Something I once wrote to a Catholic gentleman:
How do you know that Jesus was employing "phenomenological language" in Jn 11:11-14? The metaphor of "sleep" for death was a common one that the ancient Greeks also utilized. We even find David using this metaphor in Ps 13:3: "Consider and answer me, O Jehovah my God: Lighten mine eyes, lest I sleep the sleep of death" (ASV). Dan 12:2 also enunciates the Hebrew understanding of death that is clearly consonant with Ps 146:3-4. This passage [Dan 12:2] foretells that "many of them that sleep in the dust of the earth shall awake, some to everlasting life, and some to shame and everlasting contempt." This passage does not indicate that the writer is speaking phenomenologically.
In the NT, Jesus himself "awakened" Jairus' daughter in the presence of a crowd composed of cynical observers who 'knew she was dead,' though Jesus said she slept. The context of Luke 8:49-56 shows that the girl did not simply "appear" to be sleeping; she was sleeping "the sleep of death." Her spirit had gone out of her [as it were] and she was dead. In other words, she was conscious of nothing at all (Job 3:11-19). But the young girl and Lazarus were also resurrected or brought back to life by the Messiah of God. They did not simply appear to be sleeping in death; they were sleeping the "sleep of death."
"For Sheol cannot praise thee, death cannot celebrate thee: They that go down into the pit cannot hope for thy truth" (Isa 38:18).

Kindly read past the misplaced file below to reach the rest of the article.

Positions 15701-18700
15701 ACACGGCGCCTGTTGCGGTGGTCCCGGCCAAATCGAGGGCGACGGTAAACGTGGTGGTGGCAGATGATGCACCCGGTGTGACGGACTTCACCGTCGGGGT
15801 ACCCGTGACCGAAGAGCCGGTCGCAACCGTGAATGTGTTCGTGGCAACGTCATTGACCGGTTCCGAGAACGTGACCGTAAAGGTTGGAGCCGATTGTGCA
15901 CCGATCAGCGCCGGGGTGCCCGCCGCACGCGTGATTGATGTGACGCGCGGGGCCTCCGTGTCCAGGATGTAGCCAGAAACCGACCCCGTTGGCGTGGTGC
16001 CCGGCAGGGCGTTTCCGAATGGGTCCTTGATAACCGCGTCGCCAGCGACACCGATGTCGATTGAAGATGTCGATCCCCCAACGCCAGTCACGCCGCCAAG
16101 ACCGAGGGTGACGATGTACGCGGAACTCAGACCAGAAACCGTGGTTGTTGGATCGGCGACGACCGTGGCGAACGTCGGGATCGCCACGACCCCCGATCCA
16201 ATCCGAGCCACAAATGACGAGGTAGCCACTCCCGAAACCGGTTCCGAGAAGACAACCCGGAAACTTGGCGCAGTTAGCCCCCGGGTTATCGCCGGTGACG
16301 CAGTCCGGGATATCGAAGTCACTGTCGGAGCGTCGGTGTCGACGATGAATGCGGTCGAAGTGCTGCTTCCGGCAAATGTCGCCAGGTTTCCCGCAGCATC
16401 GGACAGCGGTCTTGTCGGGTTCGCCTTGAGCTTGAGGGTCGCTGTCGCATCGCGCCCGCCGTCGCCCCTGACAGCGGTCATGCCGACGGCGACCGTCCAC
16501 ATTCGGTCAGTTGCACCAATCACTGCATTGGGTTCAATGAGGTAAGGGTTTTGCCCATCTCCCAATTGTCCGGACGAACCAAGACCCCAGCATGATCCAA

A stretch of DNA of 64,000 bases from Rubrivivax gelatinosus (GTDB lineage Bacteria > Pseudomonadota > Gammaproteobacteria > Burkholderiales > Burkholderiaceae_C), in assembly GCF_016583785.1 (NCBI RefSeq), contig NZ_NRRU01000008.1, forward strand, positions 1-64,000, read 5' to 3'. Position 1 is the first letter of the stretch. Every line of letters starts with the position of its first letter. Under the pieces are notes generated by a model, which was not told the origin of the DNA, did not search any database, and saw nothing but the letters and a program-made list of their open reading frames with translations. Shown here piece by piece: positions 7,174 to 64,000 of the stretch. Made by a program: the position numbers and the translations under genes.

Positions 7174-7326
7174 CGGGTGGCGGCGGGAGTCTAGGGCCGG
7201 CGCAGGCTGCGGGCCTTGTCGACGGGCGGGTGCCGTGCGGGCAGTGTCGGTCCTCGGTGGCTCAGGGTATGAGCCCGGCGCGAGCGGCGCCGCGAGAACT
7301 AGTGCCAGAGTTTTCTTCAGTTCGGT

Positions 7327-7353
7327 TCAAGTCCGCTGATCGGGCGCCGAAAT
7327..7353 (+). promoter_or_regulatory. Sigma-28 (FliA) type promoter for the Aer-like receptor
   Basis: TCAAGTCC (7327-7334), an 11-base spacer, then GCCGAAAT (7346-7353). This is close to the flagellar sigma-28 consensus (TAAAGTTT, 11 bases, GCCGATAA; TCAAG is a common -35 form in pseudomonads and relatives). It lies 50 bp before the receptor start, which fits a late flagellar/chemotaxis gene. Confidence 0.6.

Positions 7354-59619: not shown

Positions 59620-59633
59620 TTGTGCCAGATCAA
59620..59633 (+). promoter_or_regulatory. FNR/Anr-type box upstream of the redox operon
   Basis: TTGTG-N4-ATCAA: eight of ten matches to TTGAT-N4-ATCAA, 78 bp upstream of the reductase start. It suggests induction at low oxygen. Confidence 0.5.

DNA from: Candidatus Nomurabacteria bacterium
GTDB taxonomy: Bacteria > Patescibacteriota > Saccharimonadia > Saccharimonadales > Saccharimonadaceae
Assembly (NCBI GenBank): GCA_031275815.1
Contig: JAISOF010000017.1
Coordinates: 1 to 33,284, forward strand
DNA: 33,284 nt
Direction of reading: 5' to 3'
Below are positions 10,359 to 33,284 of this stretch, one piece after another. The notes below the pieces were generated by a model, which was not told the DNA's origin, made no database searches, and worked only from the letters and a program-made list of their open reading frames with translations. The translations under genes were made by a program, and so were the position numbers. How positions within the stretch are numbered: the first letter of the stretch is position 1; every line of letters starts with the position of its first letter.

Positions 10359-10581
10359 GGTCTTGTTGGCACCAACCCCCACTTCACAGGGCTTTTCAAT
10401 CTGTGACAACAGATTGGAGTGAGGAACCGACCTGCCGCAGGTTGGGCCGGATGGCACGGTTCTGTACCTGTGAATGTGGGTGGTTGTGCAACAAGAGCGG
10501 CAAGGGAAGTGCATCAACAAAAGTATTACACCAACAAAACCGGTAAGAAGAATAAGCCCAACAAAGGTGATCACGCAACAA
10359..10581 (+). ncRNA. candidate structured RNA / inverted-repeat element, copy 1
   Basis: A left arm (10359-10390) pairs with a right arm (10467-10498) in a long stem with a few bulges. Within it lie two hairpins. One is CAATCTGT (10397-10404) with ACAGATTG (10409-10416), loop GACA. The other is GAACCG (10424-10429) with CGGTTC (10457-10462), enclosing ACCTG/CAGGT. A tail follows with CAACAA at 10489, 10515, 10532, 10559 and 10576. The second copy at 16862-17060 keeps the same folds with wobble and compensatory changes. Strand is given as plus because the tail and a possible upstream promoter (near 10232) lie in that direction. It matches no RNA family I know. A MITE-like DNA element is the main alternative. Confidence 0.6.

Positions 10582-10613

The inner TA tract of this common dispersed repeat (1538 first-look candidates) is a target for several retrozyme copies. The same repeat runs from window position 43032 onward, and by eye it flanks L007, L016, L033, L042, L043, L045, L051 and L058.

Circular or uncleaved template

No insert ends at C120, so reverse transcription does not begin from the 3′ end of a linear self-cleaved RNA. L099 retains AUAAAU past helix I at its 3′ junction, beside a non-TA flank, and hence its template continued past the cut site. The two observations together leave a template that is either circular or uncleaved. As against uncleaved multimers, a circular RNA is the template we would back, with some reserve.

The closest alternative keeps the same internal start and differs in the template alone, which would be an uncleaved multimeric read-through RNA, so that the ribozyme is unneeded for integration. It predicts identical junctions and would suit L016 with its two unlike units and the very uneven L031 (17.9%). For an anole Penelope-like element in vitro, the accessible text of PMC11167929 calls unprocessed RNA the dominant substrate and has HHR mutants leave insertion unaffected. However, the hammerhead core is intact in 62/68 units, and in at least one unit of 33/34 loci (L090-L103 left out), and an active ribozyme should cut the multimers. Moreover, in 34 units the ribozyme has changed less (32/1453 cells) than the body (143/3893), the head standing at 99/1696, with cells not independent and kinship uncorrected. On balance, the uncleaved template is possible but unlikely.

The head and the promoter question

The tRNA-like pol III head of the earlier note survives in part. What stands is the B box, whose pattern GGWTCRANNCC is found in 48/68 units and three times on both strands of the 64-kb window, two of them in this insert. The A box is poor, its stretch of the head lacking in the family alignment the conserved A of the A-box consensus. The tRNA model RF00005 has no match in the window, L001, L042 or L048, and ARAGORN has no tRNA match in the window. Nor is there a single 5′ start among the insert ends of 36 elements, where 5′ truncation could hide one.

"O LORD, the God who saves me, day and night I cry out before you. May my prayer come before you; turn your ear to my cry. For my soul is full of trouble and my life draws near the grave. I am counted among those who go down to the pit; I am like a man without strength. I am set apart with the dead, like the slain who lie in the grave, whom you remember no more, who are cut off from your care. You have put me in the lowest pit, in the darkest depths. Your wrath lies heavily upon me; you have overwhelmed me with all your waves. You have taken from me my closest friends and have made me repulsive to them. I am confined and cannot escape; my eyes are dim with grief. I call to you, O LORD, every day; I spread out my hands to you. Do you show your wonders to the dead? Do those who are dead rise up and praise you? Is your love declared in the grave, your faithfulness in Destruction? Are your wonders known in the place of darkness, or your righteous deeds in the land of oblivion?" (Ps 88:1-12)
"And he kneeled down, and cried with a loud voice, Lord, lay not this sin to their charge. And when he had said this, he fell asleep" (Acts 7:59 ASV).